New Direction at the State
This is big news for the State. While directors besides Toner have staged the company's work -- most notably, company artists Joe York and Jill Parker-Jones, but also guest artists such as Peter Sheridan -- the hand at the artistic helm for the past 12 years has always been Toner's. It's Toner who has brought artists into the company "family," as he's fond of calling it, Toner who has consistently sought projects to showcase its key actors (Babs George, Steve Shearer, Steve Fromholz, Dirk Van Allen, Thomas C. Parker, Janelle Buchanan, and Boni Hester, among others), Toner who has directed the majority of its productions. And even when he has not staged shows himself, he has kept his hand in the creative mix, casting here, building sets there. To call his artistic leadership style hands-on is putting it mildly. For 12 years, he has made himself a part of almost every creative decision made by his company.
That's not to say that every creative decision made at Live Oak/the State during Toner's stay has reflected an identifiable artistic vision. On the contrary, for much of that time discerning a real artistic course in the company has been difficult. While it has established certain types of plays that it stages regularly -- the most obvious being Texas plays and traditional American dramas -- the State has not done so with the sense of artistic purpose that one typically finds in regional theatres of its longevity and status. It's been a little bit of everything, in such a way that the company's artistic identity is hazy. The strongest sense of character I've drawn from the company's work under Toner has been a concern with family. Many of what are for me the company's most memorable productions -- e.g., All the Way Home, The Immigrant, Calvin's Garden, Beast on the Moon -- have centered on family, as have a goodly number of the shows I've found less than memorable. Given that and Toner's vision of company as family, I've found it curious that he never did more to capitalize on family as an artistic basis for his company. But now that opportunity appears to be past, and the hand that has always been there in 12 years' worth of creative decisions won't be.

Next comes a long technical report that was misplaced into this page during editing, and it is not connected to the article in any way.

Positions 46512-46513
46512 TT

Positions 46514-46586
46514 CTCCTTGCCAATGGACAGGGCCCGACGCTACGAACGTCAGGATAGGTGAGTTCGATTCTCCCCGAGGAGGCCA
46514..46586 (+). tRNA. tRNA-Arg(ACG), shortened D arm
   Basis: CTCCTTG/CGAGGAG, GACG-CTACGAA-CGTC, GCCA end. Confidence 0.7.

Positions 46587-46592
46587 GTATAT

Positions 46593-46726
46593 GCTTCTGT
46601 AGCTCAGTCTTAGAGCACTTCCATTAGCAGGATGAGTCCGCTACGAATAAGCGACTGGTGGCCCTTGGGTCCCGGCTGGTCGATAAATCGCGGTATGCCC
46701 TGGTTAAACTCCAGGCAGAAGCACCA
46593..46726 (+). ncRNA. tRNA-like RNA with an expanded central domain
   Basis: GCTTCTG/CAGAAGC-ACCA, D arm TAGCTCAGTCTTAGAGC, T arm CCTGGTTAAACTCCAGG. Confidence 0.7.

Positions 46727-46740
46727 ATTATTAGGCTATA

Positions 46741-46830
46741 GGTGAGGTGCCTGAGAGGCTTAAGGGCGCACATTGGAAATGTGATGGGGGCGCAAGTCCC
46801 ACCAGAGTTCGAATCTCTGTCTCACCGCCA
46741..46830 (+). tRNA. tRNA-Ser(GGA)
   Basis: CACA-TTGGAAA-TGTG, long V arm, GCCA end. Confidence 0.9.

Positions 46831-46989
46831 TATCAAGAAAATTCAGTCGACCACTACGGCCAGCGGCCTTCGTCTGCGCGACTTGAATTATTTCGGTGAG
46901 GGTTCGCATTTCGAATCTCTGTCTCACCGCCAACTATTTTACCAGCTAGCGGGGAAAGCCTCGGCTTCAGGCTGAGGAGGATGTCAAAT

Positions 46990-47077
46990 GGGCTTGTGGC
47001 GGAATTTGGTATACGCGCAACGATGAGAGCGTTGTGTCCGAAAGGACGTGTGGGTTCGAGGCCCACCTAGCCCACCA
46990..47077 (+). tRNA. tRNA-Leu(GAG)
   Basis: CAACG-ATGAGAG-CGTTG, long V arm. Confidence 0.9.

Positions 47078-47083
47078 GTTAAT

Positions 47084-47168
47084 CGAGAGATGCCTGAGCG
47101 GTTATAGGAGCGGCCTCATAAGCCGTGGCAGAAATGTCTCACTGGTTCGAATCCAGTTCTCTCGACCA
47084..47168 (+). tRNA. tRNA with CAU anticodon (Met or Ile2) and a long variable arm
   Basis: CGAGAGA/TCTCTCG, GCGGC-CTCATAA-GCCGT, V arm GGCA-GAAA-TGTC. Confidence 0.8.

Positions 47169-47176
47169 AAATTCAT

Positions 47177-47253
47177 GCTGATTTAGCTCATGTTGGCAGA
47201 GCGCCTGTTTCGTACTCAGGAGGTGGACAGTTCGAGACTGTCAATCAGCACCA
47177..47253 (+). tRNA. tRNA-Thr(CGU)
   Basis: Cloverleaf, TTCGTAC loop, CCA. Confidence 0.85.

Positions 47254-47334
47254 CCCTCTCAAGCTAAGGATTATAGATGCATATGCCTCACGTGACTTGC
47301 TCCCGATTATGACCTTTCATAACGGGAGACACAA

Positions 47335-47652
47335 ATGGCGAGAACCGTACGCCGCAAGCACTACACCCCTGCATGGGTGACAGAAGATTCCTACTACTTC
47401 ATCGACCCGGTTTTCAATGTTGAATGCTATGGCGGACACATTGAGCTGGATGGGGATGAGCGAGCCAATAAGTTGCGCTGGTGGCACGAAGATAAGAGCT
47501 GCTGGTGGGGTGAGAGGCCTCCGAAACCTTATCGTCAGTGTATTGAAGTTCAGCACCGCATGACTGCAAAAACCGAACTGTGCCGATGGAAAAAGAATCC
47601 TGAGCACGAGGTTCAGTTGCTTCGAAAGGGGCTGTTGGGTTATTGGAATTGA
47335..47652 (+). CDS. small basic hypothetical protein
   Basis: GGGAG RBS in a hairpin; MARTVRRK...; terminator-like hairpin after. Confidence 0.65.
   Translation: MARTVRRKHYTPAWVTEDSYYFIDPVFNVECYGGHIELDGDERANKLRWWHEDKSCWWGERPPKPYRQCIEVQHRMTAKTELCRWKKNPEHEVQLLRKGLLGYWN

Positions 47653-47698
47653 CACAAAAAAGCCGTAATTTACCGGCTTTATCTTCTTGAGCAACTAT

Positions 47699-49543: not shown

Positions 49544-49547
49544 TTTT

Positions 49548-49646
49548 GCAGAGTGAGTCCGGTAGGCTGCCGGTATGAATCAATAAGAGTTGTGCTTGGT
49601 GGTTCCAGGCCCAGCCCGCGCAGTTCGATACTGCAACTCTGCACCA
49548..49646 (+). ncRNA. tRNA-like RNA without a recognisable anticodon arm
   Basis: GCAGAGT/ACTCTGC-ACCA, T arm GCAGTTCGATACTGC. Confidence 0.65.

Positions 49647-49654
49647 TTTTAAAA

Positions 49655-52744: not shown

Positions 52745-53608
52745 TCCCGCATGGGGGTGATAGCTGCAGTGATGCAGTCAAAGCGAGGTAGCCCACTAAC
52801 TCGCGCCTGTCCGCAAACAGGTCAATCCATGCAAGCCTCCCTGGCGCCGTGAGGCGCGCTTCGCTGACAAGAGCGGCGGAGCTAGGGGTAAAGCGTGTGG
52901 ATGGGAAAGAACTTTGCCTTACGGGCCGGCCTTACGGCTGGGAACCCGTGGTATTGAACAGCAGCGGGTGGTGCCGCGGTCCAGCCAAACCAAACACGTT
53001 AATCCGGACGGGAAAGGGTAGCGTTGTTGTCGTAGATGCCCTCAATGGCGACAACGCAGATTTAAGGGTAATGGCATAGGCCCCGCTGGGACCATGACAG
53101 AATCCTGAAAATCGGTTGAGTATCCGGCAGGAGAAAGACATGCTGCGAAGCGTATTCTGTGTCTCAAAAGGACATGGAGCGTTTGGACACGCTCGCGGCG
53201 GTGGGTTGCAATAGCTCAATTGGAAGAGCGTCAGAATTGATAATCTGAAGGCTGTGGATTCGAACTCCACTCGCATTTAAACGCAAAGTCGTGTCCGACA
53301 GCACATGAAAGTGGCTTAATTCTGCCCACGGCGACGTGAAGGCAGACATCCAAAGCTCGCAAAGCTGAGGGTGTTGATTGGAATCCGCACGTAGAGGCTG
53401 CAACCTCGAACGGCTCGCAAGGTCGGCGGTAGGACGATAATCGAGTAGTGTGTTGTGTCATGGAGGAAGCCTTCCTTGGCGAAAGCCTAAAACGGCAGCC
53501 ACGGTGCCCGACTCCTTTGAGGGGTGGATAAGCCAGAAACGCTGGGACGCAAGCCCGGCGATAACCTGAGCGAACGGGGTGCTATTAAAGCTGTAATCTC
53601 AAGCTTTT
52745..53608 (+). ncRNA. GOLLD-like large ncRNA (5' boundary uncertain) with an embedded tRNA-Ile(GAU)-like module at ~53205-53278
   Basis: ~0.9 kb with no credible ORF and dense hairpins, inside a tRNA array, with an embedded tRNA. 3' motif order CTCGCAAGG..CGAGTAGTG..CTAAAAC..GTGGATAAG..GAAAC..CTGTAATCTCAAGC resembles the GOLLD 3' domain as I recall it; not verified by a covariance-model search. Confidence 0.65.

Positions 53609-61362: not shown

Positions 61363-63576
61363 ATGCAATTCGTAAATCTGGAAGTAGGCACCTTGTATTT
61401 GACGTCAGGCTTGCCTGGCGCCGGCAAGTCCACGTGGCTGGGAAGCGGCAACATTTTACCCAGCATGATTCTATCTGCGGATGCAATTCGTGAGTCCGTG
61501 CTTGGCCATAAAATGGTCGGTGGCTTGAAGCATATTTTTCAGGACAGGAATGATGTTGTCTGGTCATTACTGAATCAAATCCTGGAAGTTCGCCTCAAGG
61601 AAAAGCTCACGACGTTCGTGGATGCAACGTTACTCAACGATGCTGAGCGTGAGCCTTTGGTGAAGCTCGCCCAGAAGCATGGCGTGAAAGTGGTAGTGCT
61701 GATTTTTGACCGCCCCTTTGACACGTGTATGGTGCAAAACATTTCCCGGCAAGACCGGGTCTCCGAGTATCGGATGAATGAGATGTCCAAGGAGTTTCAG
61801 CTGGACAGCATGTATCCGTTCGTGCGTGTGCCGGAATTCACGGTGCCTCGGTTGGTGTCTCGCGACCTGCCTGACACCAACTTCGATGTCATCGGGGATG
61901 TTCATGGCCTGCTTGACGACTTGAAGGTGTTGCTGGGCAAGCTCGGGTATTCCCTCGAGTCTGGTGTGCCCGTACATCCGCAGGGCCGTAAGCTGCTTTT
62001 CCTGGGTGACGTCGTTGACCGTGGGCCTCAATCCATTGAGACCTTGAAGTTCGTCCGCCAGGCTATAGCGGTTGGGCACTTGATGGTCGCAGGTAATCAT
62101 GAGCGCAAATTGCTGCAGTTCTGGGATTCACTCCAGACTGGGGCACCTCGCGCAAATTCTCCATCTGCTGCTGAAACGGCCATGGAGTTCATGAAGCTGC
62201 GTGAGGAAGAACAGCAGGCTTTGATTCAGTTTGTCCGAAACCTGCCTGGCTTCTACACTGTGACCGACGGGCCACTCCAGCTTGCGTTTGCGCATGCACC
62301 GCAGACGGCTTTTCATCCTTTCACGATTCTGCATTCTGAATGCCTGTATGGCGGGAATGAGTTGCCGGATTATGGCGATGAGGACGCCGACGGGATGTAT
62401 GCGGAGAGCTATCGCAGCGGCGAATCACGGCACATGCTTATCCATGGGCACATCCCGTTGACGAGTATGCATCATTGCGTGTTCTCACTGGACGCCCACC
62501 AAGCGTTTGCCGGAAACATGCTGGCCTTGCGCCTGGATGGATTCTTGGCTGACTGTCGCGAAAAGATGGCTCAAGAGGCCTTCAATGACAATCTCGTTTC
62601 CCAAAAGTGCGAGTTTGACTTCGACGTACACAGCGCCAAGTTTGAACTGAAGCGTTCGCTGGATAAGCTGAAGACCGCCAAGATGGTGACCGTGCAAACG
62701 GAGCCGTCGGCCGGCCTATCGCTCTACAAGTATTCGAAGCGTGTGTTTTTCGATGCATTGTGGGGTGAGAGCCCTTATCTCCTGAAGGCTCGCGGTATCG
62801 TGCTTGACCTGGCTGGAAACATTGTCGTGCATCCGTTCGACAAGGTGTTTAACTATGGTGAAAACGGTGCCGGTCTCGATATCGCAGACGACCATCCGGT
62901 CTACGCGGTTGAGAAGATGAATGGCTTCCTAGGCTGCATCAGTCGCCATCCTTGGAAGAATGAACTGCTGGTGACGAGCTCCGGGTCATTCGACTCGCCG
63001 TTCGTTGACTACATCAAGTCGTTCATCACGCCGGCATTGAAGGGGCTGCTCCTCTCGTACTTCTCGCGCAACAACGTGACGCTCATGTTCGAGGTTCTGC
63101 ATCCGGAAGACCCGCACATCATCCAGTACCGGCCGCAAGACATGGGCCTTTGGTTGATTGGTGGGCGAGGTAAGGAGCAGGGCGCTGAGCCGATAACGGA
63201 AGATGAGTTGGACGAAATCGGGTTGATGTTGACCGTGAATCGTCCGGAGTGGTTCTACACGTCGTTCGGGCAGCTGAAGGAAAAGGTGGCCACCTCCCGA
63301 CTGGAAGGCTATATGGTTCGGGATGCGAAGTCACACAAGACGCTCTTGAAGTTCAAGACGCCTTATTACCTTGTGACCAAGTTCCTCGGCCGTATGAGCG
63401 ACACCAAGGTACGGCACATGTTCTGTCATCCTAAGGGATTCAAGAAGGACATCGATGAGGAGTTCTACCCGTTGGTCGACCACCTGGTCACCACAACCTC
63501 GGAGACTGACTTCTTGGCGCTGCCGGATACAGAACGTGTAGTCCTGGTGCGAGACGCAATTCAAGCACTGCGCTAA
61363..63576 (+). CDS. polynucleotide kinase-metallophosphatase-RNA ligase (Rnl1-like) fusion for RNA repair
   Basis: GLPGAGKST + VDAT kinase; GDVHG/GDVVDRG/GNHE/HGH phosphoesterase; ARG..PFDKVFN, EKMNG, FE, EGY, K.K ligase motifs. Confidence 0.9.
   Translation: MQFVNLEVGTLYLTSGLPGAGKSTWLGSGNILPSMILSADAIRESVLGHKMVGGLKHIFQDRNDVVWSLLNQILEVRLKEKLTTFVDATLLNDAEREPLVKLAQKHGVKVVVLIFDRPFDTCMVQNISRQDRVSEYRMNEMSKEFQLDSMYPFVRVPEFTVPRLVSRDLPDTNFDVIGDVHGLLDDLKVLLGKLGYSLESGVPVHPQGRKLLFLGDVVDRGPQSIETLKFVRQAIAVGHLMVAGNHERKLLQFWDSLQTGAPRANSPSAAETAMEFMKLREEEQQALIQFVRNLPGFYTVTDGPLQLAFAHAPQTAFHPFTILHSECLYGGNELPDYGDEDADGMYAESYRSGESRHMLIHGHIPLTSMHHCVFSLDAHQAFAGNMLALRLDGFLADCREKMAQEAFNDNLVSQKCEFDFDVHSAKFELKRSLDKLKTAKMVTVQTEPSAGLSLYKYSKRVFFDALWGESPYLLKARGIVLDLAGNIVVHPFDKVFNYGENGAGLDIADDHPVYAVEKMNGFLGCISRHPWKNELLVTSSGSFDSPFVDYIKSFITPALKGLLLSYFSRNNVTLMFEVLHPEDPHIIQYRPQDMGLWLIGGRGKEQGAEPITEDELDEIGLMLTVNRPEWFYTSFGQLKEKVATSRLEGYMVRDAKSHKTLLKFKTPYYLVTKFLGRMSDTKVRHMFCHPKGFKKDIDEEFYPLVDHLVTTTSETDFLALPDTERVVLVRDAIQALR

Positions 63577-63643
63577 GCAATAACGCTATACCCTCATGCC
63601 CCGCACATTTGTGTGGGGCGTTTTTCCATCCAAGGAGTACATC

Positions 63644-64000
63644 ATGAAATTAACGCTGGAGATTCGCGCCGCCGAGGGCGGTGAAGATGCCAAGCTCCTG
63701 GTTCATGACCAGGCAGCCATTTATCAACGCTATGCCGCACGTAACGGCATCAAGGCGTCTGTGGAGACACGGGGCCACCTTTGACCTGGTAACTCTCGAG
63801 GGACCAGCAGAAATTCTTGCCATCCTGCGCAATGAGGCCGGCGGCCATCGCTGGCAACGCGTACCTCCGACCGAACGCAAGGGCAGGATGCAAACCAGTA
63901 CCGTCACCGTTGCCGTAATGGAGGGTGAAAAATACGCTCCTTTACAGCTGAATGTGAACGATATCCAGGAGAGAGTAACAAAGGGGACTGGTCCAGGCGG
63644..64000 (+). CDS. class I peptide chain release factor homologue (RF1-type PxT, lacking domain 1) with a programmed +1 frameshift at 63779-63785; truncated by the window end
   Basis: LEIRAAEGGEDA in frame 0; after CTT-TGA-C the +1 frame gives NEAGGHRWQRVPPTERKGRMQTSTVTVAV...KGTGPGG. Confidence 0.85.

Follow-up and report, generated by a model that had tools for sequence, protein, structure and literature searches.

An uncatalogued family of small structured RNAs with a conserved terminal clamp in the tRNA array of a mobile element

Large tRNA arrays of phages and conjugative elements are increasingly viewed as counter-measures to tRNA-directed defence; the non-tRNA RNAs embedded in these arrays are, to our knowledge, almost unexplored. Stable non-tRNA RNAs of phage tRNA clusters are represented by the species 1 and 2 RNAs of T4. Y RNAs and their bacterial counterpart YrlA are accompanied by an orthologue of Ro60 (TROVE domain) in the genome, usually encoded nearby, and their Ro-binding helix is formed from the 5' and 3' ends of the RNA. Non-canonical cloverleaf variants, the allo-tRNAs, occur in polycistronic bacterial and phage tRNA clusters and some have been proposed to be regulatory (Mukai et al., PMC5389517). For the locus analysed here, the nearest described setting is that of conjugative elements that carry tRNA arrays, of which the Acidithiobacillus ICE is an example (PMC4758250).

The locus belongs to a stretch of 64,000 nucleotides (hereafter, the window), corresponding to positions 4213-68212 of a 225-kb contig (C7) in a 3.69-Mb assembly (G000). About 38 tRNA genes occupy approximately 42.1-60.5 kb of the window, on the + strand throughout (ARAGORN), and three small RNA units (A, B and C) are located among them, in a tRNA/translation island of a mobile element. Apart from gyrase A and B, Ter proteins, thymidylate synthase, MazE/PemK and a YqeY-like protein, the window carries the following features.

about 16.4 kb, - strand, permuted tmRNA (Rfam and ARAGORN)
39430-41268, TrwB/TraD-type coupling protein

That in itself will make things very different.
This is certainly an apt time for the State to chart a new artistic course, what with the renovation of the former moviehouse space into a venue for live performance and the opening of a second theatre -- a first for the company -- in the adjacent Reynolds-Penland Building. New facilities offer new potential. Here's to seeing that potential realized.